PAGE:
The U.S. Constitution – Facts You Haven’t Heard!
The U.S. Constitution is our nation’s founding document and its highest law. Every kid in school learns the basics of when “We the People” decided to establish a republic. But what about the stuff you don’t learn in school? The Constitution has a rich history that most people never learn.
- Preparing the final Constitution was a high-security event. The framers met in a locked room while sentries stood guard at the door. Even during the debates, reporters and onlookers were barred from attending. Most surviving records come from James Madison’s notes, which Dolly Madison sold to the government after his death.
- Though the Constitution was ratified on September 17th, 1787, the government it created did not exist until 1790. On February 2, 1790, the Supreme Court met formally for the first time. The Supreme Court initially met inside the Royal Exchange building in New York City. City officials had to move butcher carts out of the way before the justices could meet! The court later moved to Philadelphia and then, to the U.S. Capitol building. The judicial branch of government did not move to its current home until 1935.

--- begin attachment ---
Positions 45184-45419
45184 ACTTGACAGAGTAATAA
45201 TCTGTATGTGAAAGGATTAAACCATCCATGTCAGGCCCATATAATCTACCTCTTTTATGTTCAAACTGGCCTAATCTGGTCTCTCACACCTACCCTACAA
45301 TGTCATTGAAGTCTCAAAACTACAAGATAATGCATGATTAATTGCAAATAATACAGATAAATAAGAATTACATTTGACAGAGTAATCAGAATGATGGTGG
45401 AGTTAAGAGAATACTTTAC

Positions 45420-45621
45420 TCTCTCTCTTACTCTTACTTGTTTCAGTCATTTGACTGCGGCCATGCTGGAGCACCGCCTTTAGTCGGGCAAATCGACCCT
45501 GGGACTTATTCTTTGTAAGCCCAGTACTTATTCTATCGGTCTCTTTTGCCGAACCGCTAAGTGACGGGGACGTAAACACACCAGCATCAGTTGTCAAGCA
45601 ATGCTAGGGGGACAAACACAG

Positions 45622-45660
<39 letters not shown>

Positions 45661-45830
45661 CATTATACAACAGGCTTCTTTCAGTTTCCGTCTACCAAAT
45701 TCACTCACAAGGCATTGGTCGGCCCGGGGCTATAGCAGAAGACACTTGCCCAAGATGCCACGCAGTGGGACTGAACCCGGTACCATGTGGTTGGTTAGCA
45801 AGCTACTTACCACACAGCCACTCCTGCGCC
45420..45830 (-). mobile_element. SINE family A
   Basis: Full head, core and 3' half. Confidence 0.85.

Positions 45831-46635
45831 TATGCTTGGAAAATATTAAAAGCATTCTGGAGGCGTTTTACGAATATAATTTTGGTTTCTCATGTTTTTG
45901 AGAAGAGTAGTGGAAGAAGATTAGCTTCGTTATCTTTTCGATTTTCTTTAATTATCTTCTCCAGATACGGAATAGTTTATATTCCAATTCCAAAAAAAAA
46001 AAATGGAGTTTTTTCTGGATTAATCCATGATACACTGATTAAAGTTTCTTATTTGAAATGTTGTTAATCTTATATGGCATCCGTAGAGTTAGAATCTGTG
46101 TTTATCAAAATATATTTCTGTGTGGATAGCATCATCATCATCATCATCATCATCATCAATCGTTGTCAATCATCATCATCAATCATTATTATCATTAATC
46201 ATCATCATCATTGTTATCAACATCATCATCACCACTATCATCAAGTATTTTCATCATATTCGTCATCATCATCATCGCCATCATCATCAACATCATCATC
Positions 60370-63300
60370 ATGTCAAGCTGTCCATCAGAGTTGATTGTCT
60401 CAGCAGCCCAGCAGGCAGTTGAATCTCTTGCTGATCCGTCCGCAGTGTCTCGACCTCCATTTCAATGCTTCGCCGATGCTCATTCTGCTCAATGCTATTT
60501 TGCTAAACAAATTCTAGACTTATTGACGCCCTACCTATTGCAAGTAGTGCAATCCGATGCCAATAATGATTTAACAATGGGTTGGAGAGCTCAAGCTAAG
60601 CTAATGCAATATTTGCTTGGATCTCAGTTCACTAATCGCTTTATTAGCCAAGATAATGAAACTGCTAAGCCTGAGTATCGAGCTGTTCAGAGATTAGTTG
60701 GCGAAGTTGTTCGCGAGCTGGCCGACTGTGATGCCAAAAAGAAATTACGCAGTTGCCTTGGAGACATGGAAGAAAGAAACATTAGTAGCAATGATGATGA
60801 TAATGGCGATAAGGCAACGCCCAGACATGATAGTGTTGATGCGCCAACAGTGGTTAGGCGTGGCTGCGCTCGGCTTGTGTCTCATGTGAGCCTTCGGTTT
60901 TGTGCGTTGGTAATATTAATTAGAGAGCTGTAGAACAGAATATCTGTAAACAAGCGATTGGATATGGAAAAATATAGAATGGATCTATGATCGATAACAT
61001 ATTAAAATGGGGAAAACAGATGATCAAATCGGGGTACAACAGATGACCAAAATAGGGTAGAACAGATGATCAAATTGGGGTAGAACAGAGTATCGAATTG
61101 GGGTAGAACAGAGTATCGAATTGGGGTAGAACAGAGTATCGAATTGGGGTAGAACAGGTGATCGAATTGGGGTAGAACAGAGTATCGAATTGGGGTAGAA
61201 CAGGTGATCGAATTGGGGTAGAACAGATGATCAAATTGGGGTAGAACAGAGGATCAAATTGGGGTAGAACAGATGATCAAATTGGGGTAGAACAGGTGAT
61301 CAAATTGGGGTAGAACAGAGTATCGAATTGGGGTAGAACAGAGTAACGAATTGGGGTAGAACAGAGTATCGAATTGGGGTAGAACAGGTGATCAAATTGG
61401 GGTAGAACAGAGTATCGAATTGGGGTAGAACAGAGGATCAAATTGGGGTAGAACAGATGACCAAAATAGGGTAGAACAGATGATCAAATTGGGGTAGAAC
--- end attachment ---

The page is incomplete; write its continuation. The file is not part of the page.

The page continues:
- Our Constitution broke several records! It is the oldest written constitution that is still in force today. At the time it was written, it was also the shortest. Years later, Monaco broke that record and claimed the title of “world’s shortest constitution” with 3,814 words. Ours clocks in at 7,591 words, including all the amendments.
The Writers and Signers
- Signers of the document ranged in age from 26 to 81. Benjamin Franklin, the eldest signer, needed assistance to put his pen to paper. Franklin initially opposed American independence and even wrote of his opposition to the Boston Tea Party. However, the great thinker changed his mind and is the only Founder who signed all 4 of our nation’s independence documents: the Declaration of Independence, the Treaty of Alliance with France, the Constitution, and the Treaty of Paris.
- Members of Congress have introduced more than 11,300 potential amendments throughout our nation’s history. Only 27 amendments were ratified. Immediately following the September 11th attacks, multiple senators introduced an amendment that would keep the government running in the event of a “mass vacancy” at the Capitol.
- Thomas Jefferson and John Adams did not sign the founding document. Jefferson was serving as ambassador to France and Adams, as ambassador to Great Britain. Patrick Henry was invited to the Constitutional Convention, but chose not to attend.